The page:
Kremling, Karl A. G., Diepenbrock, Christine H., Gore, Michael A., Buckler, Edward S., & Bandillo, Nonoy B. ­­­­Transcriptome-Wide Association Supplements Genome-Wide Association in Zea mays. United States. doi:10.1534/g3.119.400549.
Kremling, Karl A. G., Diepenbrock, Christine H., Gore, Michael A., Buckler, Edward S., and Bandillo, Nonoy B. Tue . "­­­­Transcriptome-Wide Association Supplements Genome-Wide Association in Zea mays". United States. doi:10.1534/g3.119.400549.
@article{osti_1545796,
title = {­­­­Transcriptome-Wide Association Supplements Genome-Wide Association in Zea mays},
author = {Kremling, Karl A. G. and Diepenbrock, Christine H. and Gore, Michael A. and Buckler, Edward S. and Bandillo, Nonoy B.},
abstractNote = {Modern improvement of complex traits in agricultural species relies on successful associations of heritable molecular variation with observable phenotypes. Historically, this pursuit has primarily been based on easily measurable genetic markers. The recent advent of new technologies allows assaying and quantifying biological intermediates (hereafter endophenotypes) which are now readily measurable at a large scale across diverse individuals. The usefulness of endophenotypes for delineating the regulatory landscape of the genome and genetic dissection of complex trait variation remains underexplored in plants. The work presented here illustrated the utility of a large-scale (299-genotype and seven-tissue) gene expression resource to dissect traits across multiple levels of biological organization. Using single-tissue- and multi-tissue-based transcriptome-wide association studies (TWAS), we revealed that about half of the functional variation acts through altered transcript abundance for maize kernel traits, including 30 grain carotenoid abundance traits, 20 grain tocochromanol abundance traits, and 22 field-measured agronomic traits. Comparing the efficacy of TWAS with genomewide association studies (GWAS) and an ensemble approach that combines both GWAS and TWAS, we demonstrated that results of TWAS in combination with GWAS increase the power to detect known genes and aid in prioritizing likely causal genes. Using a variance partitioning approach in the largely independent maize Nested Association Mapping (NAM) population, we also showed that the most strongly associated genes identified by combining GWAS and TWAS explain more heritable variance for a majority of traits than the heritability captured by the random genes and the genes identified by GWAS or TWAS alone. As a result, this not only improves the ability to link genes to phenotypes, but also highlights the phenotypic consequences of regulatory variation in plants.},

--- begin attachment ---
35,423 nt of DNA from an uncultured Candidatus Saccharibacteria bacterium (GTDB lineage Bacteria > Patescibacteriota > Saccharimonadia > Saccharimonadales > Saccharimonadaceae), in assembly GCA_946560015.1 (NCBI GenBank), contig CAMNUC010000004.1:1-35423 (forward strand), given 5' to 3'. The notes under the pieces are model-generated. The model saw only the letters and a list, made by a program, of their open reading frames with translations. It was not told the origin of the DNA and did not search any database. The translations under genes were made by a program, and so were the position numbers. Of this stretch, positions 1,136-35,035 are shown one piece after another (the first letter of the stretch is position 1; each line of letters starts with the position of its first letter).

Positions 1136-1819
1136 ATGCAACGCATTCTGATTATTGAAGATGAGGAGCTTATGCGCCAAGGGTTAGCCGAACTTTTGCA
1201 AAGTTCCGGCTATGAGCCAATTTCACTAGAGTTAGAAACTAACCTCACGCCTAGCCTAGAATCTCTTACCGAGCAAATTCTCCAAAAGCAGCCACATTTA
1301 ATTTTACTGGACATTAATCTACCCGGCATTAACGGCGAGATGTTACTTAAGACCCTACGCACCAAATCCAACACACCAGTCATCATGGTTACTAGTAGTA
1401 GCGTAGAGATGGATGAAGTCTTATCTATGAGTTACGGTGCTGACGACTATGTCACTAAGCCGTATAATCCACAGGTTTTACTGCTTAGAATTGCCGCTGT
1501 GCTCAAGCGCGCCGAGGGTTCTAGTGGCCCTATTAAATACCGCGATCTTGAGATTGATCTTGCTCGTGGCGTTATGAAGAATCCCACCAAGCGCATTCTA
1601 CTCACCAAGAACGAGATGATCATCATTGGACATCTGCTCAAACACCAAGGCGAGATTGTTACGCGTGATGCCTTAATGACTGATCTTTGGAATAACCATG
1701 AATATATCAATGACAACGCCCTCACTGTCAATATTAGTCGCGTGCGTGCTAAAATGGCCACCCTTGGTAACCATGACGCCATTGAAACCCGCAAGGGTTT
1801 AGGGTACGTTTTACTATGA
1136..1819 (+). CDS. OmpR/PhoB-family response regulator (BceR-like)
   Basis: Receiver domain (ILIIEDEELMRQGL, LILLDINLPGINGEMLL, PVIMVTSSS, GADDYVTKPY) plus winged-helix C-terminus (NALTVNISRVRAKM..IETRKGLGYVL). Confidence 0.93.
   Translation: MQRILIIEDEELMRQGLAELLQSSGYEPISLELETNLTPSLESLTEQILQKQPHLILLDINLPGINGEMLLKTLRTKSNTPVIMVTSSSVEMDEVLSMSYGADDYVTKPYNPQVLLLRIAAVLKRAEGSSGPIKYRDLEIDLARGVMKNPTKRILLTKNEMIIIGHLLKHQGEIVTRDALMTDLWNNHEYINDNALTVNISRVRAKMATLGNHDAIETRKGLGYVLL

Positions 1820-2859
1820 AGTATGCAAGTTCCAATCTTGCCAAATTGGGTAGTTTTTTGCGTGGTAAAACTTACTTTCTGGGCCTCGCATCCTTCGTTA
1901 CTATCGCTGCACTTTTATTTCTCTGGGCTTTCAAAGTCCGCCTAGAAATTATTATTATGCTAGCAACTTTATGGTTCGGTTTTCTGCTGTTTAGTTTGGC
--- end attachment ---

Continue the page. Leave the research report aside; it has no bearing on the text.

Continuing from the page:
doi = {10.1534/g3.119.400549},
journal = {G3},
number = 9,
volume = 9,
place = {United States},
year = {2019},
month = {7}
}

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Works referenced in this record:

Maize association population: a high-resolution platform for quantitative trait locus dissection
journal, November 2005